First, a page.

of that product would decrease correspondingly. Based on this train of
    thought, the immortal man would therefore eventually arrive at a
    particular point where an additional year of experience would no longer
    yield any further utility to himself.”

    • Hello AgeoftReason, glad to hear that you enjoyed the read 🙂

      The reference made to the Law of Diminishing Returns was to illustrate the scenario where an immortal man would eventually reach a point where each additional unit (or in which case, year of life) that he has would yield lower marginal returns (satisfaction) for him as compared to that of the preceding year. If we were to then extend our lives to infinity, from a mathematical perspective, as the variable (years of life) approaches infinity, the marginal returns would correspondingly approach zero. That is, the immortal man would thus eventually find that the marginal satisfaction he accrues is zilch.

      • AgeoftReason

        I understand the point, thank you for clarifying. I just don’t like the direction of thought. 🙂 But isn’t that the whole point? Trying to stay young and ‘capture your youth’?

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  • sandhan

    This is completely the wrong way around. Learning to live is what helps us to die.. After all everything is a preparation for death ..

    • Hi @sandhan:disqus, thanks for your comment. There are various ways in which we can perceive life and death, one of which is to consider death as a reminder to us of the limited time we have on this earth to create an impact, by living a life that is unique to us, one that we can truly call our own. Without the reminder of death, we might go on with our seemingly endless life, performing task after routine task, never questioning the purpose of it all. One question we could ask is this: is the point of our existence to prepare us to die eventually, or, to make a difference in the world through the ways we have chosen to live our lives? Happy to hear your thoughts on this 🙂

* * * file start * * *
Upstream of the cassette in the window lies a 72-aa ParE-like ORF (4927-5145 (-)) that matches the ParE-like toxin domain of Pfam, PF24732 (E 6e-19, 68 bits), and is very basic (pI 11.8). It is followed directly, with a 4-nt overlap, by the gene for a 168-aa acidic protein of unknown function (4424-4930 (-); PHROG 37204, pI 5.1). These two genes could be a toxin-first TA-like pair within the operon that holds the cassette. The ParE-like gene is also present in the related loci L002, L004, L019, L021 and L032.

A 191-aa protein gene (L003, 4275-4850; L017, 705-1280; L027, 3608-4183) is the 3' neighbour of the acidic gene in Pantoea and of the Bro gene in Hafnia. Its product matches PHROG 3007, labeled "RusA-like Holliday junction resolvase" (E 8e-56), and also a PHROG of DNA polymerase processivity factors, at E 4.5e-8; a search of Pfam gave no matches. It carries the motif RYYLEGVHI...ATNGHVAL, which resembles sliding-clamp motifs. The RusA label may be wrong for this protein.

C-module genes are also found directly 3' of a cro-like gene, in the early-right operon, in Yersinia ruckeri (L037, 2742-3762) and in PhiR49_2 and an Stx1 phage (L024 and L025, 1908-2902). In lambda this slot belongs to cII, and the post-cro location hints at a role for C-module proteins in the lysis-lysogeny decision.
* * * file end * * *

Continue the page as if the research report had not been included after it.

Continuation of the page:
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  • Manoj

    Thank you Agnes for this wonderful article which I have saved to serve as a reminder. Keeping the end in mind(as Stephen Covey says) pushes us to lead more meaningful lives.

    • Thanks Manoj, I’m glad it resonated with you 🙂

  • jelroy

    Well this perpetuated my current existential crisis… great read otherwise! 🙂